www.lwtheatres.co.uk is the official venue website.

Please remember that cheaper seats often do not offer the same view / location quality as top price ones, and that ticket prices are designed to reflect this difference.

The official website www.lwtheatres.co.uk allows you to check the view from any seat selected.

  • Stalls
  • Dress Circle

Stalls

Layout

The stalls are often, but not always, divided into front and rear sections, separated by an aisle.

This is because the front section of the theatre is flexible and design depends on production. If the front section is used, seats can be on a flat floor or, more commonly, tiered on steps – six inches between each row.

The rear section of the stalls is also divided into a central and two side sections, and is almost unchanged since "Cats" closed and the theatre reverted back to a standard format. 
The Dress Circle overhangs the stalls at row P, and does not affect the view of the stage from any seat.

Stairwells are let into the front of the central rear section, at the ends of rows I to M. 

New seating has narrowed the aisles slightly, and some rows have been raised a little as well, improving sightlines further.

When in step layout, all seats offers a good rake (seats arranged on steps to help see over rows in front). 
 

Legroom

Good in almost all seats. Anyone under 5ft 10 will be comfortable almost anywhere in the stalls.
Row I has unlimited legroom, as do the famous row M 30, 31, 52 and 53.

H34 and 49 have slightly less legroom due to the row curving. Suitable for those up to around 5ft 6 at most.

Row G 32 and 51 are angled slightly, giving generous legroom for those up to 5ft 10. There is also space to put feet under the seat in front.

In the wheelchair users section, fixed theatre seats beside chair spaces have legroom suitable for those up to around 5ft 6 or so. Odd, as there is space to move them back, notes the monkey.

Row A varies by production, see "Changes for the current production" below.

Choosing seats in general

Front Section: 
Centre block rows D and E are prime, with a good view over those in front and central to the stage. Some readers appreciate being even further forward to become engrossed in the action.

The side blocks extend around the stage, with the outermost seats having a slightly lesser viewing angle, losing views of around an eighth of the nearside stage due to the angle of the set side wall.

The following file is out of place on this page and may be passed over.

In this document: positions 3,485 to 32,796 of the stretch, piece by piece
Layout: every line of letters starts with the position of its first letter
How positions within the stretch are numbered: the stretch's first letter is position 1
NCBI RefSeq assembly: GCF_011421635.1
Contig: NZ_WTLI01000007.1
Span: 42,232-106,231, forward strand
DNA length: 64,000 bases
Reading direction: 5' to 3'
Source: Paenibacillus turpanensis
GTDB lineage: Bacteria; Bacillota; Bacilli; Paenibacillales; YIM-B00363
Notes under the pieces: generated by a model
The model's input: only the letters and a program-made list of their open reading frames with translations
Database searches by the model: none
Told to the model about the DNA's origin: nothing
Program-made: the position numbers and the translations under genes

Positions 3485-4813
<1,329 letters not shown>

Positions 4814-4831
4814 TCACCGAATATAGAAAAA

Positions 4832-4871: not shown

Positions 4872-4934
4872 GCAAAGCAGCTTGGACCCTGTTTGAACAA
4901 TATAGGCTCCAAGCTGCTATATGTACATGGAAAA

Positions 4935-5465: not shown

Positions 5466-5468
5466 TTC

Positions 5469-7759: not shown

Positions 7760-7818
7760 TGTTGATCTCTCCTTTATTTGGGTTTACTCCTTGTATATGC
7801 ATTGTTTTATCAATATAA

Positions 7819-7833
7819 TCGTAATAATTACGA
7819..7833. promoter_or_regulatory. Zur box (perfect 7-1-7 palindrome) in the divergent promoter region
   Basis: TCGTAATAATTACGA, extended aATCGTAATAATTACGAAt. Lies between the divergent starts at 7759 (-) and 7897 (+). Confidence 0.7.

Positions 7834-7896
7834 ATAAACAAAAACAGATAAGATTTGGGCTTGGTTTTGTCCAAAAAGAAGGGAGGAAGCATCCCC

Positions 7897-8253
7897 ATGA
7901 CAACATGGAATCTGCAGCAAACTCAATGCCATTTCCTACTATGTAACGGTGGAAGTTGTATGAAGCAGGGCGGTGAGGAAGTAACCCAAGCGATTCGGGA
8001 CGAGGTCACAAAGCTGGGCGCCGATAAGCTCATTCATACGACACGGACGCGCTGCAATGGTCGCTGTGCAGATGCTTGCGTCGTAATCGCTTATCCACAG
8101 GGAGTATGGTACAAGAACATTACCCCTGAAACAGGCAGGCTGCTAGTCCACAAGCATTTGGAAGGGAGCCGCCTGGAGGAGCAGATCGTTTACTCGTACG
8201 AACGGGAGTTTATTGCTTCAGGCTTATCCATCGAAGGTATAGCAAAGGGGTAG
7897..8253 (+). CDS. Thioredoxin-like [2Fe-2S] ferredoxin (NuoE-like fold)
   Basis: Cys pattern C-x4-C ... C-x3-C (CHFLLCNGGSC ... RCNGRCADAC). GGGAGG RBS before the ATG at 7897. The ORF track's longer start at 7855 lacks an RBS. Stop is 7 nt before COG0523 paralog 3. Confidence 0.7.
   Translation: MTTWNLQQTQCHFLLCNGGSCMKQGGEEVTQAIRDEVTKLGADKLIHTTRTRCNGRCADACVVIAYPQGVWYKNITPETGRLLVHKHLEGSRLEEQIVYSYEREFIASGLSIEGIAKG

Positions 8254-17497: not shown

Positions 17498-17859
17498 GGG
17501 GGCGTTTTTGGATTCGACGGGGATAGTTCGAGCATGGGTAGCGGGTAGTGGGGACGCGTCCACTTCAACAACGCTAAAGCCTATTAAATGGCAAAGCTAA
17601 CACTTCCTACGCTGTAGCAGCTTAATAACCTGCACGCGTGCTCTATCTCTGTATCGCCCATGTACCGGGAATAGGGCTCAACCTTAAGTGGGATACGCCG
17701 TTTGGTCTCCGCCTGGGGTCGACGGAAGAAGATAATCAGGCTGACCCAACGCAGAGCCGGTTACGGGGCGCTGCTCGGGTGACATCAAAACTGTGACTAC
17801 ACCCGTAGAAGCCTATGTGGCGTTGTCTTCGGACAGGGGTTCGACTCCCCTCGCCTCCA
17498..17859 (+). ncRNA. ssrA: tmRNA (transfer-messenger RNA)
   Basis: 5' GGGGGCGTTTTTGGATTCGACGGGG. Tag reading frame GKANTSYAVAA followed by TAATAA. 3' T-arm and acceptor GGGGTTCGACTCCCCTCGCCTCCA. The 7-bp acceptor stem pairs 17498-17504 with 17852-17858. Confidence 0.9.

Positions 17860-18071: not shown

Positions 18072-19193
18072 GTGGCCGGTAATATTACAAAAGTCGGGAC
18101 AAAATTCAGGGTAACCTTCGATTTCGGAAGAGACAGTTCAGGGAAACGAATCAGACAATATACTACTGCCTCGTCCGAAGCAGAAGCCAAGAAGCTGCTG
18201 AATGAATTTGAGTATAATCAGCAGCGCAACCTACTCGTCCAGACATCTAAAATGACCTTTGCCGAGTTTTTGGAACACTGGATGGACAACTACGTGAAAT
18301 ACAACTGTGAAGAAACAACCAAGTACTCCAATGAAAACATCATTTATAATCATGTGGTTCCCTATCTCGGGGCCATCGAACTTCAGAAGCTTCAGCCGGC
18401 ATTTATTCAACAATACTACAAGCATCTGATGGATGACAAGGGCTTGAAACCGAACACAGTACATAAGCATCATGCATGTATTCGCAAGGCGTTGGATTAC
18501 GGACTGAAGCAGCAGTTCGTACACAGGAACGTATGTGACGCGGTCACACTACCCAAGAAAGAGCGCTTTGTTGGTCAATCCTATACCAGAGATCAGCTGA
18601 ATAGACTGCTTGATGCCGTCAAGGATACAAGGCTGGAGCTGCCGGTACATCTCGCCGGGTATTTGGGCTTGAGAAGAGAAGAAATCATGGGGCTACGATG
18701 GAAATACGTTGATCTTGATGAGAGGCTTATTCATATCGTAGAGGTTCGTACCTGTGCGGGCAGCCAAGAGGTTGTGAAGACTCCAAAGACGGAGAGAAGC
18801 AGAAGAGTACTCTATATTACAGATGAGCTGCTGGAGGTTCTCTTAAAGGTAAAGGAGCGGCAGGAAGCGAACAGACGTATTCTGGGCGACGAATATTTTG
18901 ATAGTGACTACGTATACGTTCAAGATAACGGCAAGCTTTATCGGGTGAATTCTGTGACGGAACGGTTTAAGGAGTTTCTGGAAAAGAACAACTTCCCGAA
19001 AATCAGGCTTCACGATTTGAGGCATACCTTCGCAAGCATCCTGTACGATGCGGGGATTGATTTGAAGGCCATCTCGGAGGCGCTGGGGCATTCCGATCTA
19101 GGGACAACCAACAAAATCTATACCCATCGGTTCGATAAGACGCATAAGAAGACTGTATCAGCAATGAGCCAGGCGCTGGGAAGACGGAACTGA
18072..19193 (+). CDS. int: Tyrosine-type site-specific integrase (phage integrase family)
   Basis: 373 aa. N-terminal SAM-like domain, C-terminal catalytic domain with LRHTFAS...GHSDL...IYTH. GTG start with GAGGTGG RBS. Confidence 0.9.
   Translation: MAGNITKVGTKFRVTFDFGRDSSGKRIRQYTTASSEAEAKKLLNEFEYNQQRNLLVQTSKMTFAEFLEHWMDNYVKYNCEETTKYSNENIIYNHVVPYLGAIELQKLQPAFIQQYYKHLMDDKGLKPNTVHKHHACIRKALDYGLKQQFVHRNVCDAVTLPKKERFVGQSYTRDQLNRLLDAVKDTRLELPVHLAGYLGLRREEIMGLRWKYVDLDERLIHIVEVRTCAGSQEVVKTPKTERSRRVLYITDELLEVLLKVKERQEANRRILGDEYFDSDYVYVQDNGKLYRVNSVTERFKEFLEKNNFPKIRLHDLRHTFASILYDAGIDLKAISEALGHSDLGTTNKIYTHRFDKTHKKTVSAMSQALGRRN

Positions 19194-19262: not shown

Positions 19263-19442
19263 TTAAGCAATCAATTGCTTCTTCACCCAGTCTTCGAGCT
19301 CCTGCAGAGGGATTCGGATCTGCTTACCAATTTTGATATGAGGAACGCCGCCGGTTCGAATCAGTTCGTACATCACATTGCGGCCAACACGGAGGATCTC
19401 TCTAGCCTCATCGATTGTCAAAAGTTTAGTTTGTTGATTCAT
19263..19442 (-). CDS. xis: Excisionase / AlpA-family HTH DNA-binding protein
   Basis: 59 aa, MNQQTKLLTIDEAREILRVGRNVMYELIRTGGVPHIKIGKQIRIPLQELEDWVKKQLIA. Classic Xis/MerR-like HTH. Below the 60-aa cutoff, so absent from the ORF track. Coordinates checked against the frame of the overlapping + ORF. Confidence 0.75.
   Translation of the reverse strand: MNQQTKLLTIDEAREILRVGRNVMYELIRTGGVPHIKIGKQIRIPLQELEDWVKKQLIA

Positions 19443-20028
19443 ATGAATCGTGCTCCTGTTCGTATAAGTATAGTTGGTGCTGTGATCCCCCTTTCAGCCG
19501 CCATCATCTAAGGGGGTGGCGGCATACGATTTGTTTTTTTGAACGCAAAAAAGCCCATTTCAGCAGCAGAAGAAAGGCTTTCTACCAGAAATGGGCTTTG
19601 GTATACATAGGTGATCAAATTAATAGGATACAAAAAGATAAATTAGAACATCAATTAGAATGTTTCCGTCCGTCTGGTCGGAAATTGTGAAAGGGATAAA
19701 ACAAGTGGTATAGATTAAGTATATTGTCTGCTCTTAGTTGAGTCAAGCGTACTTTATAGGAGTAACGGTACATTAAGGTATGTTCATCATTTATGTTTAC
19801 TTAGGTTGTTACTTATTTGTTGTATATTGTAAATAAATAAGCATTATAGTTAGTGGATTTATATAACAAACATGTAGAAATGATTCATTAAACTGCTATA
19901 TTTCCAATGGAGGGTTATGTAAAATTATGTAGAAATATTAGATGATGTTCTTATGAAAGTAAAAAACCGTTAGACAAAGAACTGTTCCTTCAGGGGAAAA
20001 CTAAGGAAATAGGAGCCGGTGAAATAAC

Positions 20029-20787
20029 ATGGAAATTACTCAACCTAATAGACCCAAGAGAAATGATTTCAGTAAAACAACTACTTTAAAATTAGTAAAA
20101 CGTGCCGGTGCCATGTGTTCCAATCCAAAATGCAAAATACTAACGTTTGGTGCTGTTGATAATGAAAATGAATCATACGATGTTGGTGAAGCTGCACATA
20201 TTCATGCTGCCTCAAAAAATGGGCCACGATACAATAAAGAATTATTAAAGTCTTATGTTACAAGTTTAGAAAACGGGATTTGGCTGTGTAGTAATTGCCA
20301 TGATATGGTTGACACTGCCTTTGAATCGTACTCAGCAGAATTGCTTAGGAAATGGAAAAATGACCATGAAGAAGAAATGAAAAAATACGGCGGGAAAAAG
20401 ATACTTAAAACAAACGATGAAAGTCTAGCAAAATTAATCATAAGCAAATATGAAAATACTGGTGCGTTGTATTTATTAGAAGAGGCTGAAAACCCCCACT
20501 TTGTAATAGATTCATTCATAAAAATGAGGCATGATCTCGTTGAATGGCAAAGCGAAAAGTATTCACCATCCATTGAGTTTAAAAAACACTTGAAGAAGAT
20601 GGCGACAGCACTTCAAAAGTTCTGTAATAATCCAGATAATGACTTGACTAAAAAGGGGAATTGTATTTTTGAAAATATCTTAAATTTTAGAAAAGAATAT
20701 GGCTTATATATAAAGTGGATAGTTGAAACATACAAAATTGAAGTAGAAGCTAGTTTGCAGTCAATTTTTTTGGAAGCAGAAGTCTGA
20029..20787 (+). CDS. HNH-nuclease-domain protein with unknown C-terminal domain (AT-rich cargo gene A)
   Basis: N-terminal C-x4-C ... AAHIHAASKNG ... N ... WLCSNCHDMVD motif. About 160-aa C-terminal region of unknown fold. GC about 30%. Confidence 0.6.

Rear Section: 
Row I to L in the centre block have stairwells at either end of these rows but the view is fine. Actually, it's excellent!

Perhaps take the first and last few seats in N and M centre block second if you are shorter and are worried by a stairwell in front, but for everyone else these rows are a must, feels the monkey. The rail has gone and the view is excellent - comfortable legroom too.

Rows from R back may feel a fair way from the stage due to the rake. The very ends of these two rows may be disturbed by folk clomping up the aisle, but no good reason to miss them. The central view has been noted as highly desirable by many.

The rear section side blocks of the stalls have been re-modelled to give a better viewing angle. Instead of curving tightly around the sides, they are now set at an angle which faces the stage in a more “straight on” angle. The far outermost seats are still going to miss much action, but the majority should enjoy better views than before. The monkey estimates around four or so in each row can't see into the space behind the proscenium arch. 

In the front rows, while seats near the centre aisle are desirable, further out the prices drop and there are often bargains. The monkey notes that rows I to K are the ones to aim for if seeing cheap end of row deals - L and M don't have the same viewing angle.

Be aware that many centre block seats are priced the same, though, and try for them first.

Wheelchair users have a viewing platform behind P15 to 21 and should see well from there, though there is an overhanging circle above in view - not a worry for most productions. There are fixed theatre seats beside them, if required, though legroom there is only for those up to around 5ft 6.

O 61 to 71 may be in front of a sound desk, so not for purists.
 

General hazard notes

Row N seats 25 to 29 and 55 to 59 are behind stairwell walls. Thanks to generous legroom, the view is unaffected - the distance cancels out any issue - except for those under five foot tall, who will find the bar in front mildly annoying.

A rail behind the front stalls, over the aisle in front of row I 17 to 34 / 49 to 66 should not worry anyone - there are gaps in it in front of I 25, 30, 53 and 60.

Row I 35 to 48 is not raised particularly well to see over heads in row H.

 

Changes for the current production

The Lion, The Witch and the Wardrobe
The standard layout is used. The stage projects beyond the proscenium into the auditorium, with rows A to G curved to follow it.

The stage is high, those of 5ft 7 will find it at around eye-level in row A, those shorter may have a problem. Still a good view, though. Legroom is fine for those up to 5ft 10 or so EXCEPT in seats A25 and 57 - if they are on sale (the monkey will update as available). These are in the far corners and have space for one leg for anyone up to 5ft 4. Those taller will have a cramped evening.